The long journey of a Mustang Boss

The Ford Mustang has always been popular among car enthusiasts and collectors. One of the most desirable and rare is the 1969 “Boss” edition, especially with a monster 429 cubic inch engine. Only a little more than a thousand were made, increasing its rarity and value. (If your eyes are starting to glaze over at all this car talk, be patient; the human interest part is coming.) Such a car in very good condition can command $50,000 and up to several hundred thousand. Not bad for a used car.

Back in 1969, one Mustang Boss was purchased new by a teenager in Michigan. He loved the car as only a young man can, and drove it proudly, but there were other demands that had to be met in his life. In 1971, he left the Mustang with his parents for safekeeping and went off to Vietnam.

He never returned.

In their grief, his devastated parents moved the car into the barn, and there it remained for 40 years, a reminder of the son who once drove it. Although under roof, the car deteriorated here and there. A few parts rusted, the paint faded, engine parts gummed up as fluids evaporated, and the upholstery frayed with age, but it was still a Mustang Boss with that huge engine sleeping under the hood.

Occasionally, someone would approach the parents and offer to buy the car, but they refused to sell. One collector and car restorer in particular made repeated attempts to buy the Boss. His plan was to restore the car to its original condition and make a profit selling it to a collector. Each time he was turned down, he made a higher offer to no avail. Finally, he realized the parents were too attached to the car and the memories that it held to sell at any price. Every time they saw the car, they saw their son driving around in it.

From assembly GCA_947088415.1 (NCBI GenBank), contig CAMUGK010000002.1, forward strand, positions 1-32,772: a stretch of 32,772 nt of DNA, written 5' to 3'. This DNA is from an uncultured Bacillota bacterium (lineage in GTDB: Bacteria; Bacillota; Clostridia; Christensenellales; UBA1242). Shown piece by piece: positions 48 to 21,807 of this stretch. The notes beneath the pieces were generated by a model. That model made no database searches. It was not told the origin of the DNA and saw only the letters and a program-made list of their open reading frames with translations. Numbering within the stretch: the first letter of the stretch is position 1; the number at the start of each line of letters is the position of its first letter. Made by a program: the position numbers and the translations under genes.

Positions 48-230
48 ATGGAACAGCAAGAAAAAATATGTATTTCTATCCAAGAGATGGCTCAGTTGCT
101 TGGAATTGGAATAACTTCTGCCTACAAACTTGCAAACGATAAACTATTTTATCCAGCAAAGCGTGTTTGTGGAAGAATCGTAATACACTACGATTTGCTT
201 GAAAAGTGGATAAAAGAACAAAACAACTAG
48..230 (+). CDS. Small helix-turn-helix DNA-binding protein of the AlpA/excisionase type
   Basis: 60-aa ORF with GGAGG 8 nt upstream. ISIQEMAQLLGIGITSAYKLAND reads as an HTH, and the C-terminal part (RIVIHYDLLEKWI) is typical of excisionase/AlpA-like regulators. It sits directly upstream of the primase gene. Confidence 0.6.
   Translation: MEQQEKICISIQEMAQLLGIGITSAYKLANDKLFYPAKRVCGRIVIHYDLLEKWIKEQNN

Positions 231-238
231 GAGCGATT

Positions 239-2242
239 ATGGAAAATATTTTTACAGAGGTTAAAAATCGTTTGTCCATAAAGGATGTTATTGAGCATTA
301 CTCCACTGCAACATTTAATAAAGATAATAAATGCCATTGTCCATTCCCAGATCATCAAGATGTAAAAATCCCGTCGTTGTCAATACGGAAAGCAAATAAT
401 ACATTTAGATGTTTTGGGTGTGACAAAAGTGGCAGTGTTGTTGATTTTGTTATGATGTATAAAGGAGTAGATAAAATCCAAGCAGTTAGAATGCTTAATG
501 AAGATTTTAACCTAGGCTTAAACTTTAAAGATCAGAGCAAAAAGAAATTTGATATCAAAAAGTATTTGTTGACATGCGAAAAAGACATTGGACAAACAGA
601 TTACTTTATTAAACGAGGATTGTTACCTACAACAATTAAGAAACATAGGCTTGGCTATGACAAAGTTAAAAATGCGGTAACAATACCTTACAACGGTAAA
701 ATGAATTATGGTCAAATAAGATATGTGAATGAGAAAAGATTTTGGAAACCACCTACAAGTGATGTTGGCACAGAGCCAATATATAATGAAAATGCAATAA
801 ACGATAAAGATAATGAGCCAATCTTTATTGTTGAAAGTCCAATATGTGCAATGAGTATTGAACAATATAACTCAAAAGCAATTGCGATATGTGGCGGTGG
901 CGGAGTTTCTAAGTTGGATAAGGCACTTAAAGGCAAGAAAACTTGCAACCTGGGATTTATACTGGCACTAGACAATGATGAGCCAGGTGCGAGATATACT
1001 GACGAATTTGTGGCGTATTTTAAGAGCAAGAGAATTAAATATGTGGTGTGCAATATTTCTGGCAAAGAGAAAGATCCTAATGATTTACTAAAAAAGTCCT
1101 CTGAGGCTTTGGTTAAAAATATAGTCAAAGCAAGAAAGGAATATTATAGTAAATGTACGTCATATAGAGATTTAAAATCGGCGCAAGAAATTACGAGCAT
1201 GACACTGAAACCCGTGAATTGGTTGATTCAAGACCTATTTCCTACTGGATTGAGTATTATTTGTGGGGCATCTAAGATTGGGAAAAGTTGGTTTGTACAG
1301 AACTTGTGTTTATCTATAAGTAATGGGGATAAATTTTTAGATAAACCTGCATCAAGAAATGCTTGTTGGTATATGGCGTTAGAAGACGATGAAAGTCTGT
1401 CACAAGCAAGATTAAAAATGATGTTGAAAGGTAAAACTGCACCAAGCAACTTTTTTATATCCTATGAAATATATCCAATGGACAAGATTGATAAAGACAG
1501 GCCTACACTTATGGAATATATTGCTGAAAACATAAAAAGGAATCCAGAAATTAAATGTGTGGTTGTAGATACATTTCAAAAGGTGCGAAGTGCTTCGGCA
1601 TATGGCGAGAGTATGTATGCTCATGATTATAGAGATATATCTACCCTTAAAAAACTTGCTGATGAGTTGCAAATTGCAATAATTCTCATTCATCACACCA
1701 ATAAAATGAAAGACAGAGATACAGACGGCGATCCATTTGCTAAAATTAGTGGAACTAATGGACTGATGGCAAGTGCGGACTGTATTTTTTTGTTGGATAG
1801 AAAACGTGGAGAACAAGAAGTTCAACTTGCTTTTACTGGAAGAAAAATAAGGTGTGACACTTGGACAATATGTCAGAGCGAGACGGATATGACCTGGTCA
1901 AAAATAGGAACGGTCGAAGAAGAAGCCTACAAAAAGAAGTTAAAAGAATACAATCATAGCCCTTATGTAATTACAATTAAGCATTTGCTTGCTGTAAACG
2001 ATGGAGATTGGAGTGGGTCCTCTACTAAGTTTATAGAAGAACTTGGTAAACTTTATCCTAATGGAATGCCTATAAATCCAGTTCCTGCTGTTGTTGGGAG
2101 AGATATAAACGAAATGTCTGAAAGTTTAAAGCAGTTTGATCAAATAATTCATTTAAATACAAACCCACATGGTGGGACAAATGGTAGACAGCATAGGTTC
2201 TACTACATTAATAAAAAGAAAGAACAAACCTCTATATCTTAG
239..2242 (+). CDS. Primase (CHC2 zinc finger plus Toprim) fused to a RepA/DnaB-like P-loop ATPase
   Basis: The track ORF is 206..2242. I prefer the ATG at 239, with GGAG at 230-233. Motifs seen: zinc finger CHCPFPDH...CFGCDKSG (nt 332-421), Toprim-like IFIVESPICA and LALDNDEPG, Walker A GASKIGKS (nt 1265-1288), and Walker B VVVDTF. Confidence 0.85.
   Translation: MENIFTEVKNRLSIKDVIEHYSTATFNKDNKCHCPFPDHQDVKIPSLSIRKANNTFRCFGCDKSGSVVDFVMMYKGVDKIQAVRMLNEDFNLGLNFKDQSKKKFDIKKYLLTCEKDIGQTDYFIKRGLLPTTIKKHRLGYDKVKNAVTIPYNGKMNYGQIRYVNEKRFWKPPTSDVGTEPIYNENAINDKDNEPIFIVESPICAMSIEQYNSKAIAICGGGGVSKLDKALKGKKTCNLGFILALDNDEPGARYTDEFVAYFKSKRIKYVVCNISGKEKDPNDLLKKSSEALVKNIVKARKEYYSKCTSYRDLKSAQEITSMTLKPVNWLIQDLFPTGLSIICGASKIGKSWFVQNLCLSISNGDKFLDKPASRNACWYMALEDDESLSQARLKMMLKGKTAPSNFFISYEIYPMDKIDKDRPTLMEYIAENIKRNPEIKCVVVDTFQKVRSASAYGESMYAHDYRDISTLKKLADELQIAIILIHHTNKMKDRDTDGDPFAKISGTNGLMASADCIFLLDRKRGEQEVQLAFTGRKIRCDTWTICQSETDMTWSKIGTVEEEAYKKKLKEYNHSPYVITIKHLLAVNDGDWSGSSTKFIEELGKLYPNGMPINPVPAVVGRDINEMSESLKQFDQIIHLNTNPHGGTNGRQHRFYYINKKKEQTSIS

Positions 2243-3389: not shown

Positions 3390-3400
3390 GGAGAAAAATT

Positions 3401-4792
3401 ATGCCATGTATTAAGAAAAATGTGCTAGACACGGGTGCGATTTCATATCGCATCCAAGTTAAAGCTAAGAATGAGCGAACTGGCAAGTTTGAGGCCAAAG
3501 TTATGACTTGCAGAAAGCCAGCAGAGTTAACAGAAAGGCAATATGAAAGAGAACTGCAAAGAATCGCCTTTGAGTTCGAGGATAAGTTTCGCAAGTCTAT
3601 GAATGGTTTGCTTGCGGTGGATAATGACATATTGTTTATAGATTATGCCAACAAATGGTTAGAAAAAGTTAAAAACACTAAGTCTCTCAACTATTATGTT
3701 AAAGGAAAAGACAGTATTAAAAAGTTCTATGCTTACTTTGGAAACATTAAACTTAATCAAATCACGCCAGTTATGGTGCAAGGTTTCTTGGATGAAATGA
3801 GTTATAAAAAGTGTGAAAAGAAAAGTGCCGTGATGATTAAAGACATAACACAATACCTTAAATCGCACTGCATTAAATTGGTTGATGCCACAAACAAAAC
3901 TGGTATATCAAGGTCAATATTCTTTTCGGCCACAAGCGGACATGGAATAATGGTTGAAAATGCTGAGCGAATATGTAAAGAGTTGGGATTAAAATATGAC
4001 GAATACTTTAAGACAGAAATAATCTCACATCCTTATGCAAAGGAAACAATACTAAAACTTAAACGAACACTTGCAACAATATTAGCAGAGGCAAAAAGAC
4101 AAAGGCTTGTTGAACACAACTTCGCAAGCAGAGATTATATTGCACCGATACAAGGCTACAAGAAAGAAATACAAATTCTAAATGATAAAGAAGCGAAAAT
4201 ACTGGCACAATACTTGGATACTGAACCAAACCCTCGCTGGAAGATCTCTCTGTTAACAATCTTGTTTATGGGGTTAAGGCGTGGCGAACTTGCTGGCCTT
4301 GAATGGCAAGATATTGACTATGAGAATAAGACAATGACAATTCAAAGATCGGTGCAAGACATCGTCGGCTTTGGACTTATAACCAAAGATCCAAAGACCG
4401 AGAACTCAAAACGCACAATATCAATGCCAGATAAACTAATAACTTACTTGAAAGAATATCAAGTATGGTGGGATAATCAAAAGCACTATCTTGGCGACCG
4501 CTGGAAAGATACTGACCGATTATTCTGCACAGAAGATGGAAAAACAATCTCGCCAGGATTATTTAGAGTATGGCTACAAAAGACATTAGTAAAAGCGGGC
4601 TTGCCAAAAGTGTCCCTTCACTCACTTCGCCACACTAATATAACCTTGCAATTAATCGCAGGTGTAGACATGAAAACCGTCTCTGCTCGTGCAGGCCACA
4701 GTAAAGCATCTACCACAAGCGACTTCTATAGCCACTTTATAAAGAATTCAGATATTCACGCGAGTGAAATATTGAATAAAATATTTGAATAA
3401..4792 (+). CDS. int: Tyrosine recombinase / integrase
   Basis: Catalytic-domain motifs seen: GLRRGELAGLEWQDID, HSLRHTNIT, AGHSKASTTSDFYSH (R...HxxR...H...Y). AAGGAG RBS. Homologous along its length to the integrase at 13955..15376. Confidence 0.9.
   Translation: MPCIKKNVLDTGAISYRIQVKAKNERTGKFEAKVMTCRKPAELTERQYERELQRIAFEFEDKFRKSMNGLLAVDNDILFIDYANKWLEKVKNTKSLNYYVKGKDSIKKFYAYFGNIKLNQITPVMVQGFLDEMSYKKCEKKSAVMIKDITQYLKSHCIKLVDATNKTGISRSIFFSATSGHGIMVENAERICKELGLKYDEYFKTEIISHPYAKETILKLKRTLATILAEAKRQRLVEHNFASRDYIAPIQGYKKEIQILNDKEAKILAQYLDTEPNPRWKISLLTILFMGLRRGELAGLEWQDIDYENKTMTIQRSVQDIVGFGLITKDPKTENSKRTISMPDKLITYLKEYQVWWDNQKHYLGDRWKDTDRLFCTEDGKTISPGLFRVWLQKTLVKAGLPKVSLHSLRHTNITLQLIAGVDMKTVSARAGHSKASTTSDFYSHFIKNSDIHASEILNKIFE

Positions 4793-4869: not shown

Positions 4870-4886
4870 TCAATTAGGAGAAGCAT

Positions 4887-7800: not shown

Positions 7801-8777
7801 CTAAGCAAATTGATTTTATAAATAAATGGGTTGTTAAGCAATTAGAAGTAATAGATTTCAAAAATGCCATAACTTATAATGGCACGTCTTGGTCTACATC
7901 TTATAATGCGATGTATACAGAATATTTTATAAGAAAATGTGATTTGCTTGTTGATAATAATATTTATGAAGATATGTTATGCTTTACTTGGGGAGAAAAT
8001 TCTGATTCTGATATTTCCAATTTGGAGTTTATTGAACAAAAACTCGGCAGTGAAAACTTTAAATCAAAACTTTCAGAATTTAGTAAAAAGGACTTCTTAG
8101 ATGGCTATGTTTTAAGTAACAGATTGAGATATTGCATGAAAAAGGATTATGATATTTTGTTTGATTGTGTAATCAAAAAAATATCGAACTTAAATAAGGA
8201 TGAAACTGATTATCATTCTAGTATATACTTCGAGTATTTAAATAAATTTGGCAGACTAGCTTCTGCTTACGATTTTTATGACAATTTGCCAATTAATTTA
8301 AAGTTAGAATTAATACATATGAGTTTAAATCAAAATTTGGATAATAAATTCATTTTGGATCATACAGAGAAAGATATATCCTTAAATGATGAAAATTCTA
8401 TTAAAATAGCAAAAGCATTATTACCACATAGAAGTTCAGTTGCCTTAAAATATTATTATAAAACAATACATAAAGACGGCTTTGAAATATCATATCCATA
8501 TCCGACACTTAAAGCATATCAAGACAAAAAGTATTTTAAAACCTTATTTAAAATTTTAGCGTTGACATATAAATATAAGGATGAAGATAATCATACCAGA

car1

Finally, a man from St Michaels, Maryland approached the parents, not knowing the long history of the parents’ refusals to sell.  He did his research and made what he considered a generous offer. The father didn’t answer right away, but asked him what he intended to do with the car. The man from St Michaels wanted to restore the car, but he had no plans to resell it. He just wanted a Mustang Boss for himself and his family. They would enjoy it just as the son had.

The father asked a few more questions, then said he would sell the Mustang after all, but not at that price.

He would sell it for less. He had never been interested in money, only in preserving something his son had loved in a way that someone else would love it as well. He just wanted the car to have a good home.

Two years later, the St Michaels man took the fully-restored Mustang Boss back to Michigan for a visit, and took the parents for a ride in their son’s car.

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About johnreisinger

retired engineer and author of historical fiction and non fiction. My current book is Master Detective, the story of America's Sherlock Holmes and his involvement in the Lindbergh kidnapping investigation.
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